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Today we take on the age old question, do I need a dually for hotshot trucking? Hotshot trucking is a passion I’ve pursued, followed and been active in for years.
I’ll remind you right up front, I’ve delivered hotshot loads with both single and dual rear wheeled pickups, from heavy 3/4 tons to dual rear wheeled 1 tons, made by all the big three.
I’ve run them all and pushed them harder than most. I’ve had transmission failures, wheel and hub failures, as well as minor breakdowns.
Do you know what it’s like to break the crankshaft of a 3500 Duramax? Or, how about stopping at an intersection and watching a drive wheel and tire continue without you? I do. Push the truck hard enough and you’ll find the weakest link.
Do I Even Need A Diesel?
That diesel engine is going to cost you around 9 grand, assuming you’re buying a new truck. Unless you’re hauling light loads and keeping your annual mileage under 30,ooo per year, you want the diesel. Just remember, that diesel is more money up front.
It’s also more expensive to maintain. Although diesel fuel is more expensive than gasoline, your economy and performance will more than make up for the expenses. And you’ll be much happier when pulling hills with any kind of load.
Let’s check YES on the diesel option and move on. If you’re hotshotting, you’re probably going to drive 10,000 miles a month or more, and you need to handle those heavy loads from time to time.
Adding an auxiliary fuel tank to a diesel powered pickup is also easier than the gas counterparts. Between the extra fuel and the better mileage of the diesel engine, your range between fill-ups can easily be 1,000 miles or more.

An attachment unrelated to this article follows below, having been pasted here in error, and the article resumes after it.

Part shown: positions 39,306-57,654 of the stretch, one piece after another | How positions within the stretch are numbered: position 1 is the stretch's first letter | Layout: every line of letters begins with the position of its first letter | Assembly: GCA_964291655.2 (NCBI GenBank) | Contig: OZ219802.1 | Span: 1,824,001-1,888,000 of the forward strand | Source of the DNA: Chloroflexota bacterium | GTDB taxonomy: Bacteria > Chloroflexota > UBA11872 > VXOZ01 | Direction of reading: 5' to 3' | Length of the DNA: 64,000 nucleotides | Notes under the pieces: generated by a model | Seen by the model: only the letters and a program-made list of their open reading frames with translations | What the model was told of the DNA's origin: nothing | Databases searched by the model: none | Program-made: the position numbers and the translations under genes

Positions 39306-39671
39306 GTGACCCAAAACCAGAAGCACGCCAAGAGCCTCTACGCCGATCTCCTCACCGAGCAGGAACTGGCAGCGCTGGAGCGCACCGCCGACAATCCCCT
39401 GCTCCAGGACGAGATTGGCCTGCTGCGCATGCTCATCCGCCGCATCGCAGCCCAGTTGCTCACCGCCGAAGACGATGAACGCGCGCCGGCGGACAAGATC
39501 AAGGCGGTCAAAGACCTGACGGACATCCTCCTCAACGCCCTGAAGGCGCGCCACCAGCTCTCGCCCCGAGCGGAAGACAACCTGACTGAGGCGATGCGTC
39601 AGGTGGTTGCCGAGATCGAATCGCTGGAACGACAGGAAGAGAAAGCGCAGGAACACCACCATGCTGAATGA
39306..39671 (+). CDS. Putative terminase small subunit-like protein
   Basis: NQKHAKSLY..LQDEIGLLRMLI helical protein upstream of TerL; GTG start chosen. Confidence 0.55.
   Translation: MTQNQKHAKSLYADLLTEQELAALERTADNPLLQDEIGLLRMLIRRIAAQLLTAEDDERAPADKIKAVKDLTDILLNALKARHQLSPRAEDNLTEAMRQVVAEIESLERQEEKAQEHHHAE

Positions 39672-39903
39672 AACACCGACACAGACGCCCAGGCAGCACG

Do I Need A Dually?
The best answer is really simple, that depends on what you’re going to do. If you’ve found a great gig on really light loads, you could get away with something like a Ram 1500 with the EcoDiesel.
With a tow rating just over 8,000 pounds, you could get lightweight freight moved, but you’d really be limiting your options. The trucks we traditionally call half-tons are certainly set up for better fuel economy.
Why My First Hotshot Truck Was A 2500
My first hotshot experience was hauling RVs. I went into it with a mentor, a good friend who was making money in the industry. As best I could, I cloned his truck, a 2001 Dodge Ram 2500HD.
The truck had the 5.9 Cummins, a 5 speed and 3.62 gears. Other than the color and a few details, our trucks were identical.
The thought process behind staying away from the dual rear wheels was simple. Fuel economy would be better, tire costs would be lower and it would be easier to handle in the snow and ice.
The 3.62 rear end gearing was the best choice for an operation that would be 50% bobtail. Back hauls are rare in RV hauling. Also, most of the RVs I delivered were well under 7,000 pounds. That truck returned amazing mileage.
In hindsight, I wish I’d chosen the dually. The mileage gains were minimal, loaded or empty. As long as those tires are properly inflated, there just wasn’t much difference between single and dual rear wheels, towing or empty.
The stability while hauling would easily be worth the trade. The weight of the 5th wheel hitch and extra fuel tank added enough weight to offset the extra tires when bobtailing in snow and ice.
The tire cost savings also turned out to be false. Although the dually has 2 more tires, they lasted 50% longer when properly rotated. Yes, rotating tires on a dually is a little more work, but the dually would go 120,000 miles on a set of 6. My 4-wheeled hauler would go 80,000.
One other change I’d make today would be choosing a tire based on fuel economy and the weather conditions I regularly encounter. Buying a tire just because it’s going to last the longest may not be the best choice.
About a dozen of us used the same tires, from the same Goodyear store. We talked and swapped real numbers regularly. It helped each of us save more and spend less.
Dually Trucks And Heavy Loads
Six years of my hotshot experience was spent hauling livestock. I was an employee of a small business, but the only full-time driver. I delivered bull calves here in the Midwest. It wasn’t unusual to scale out over 32,000 lbs, loaded.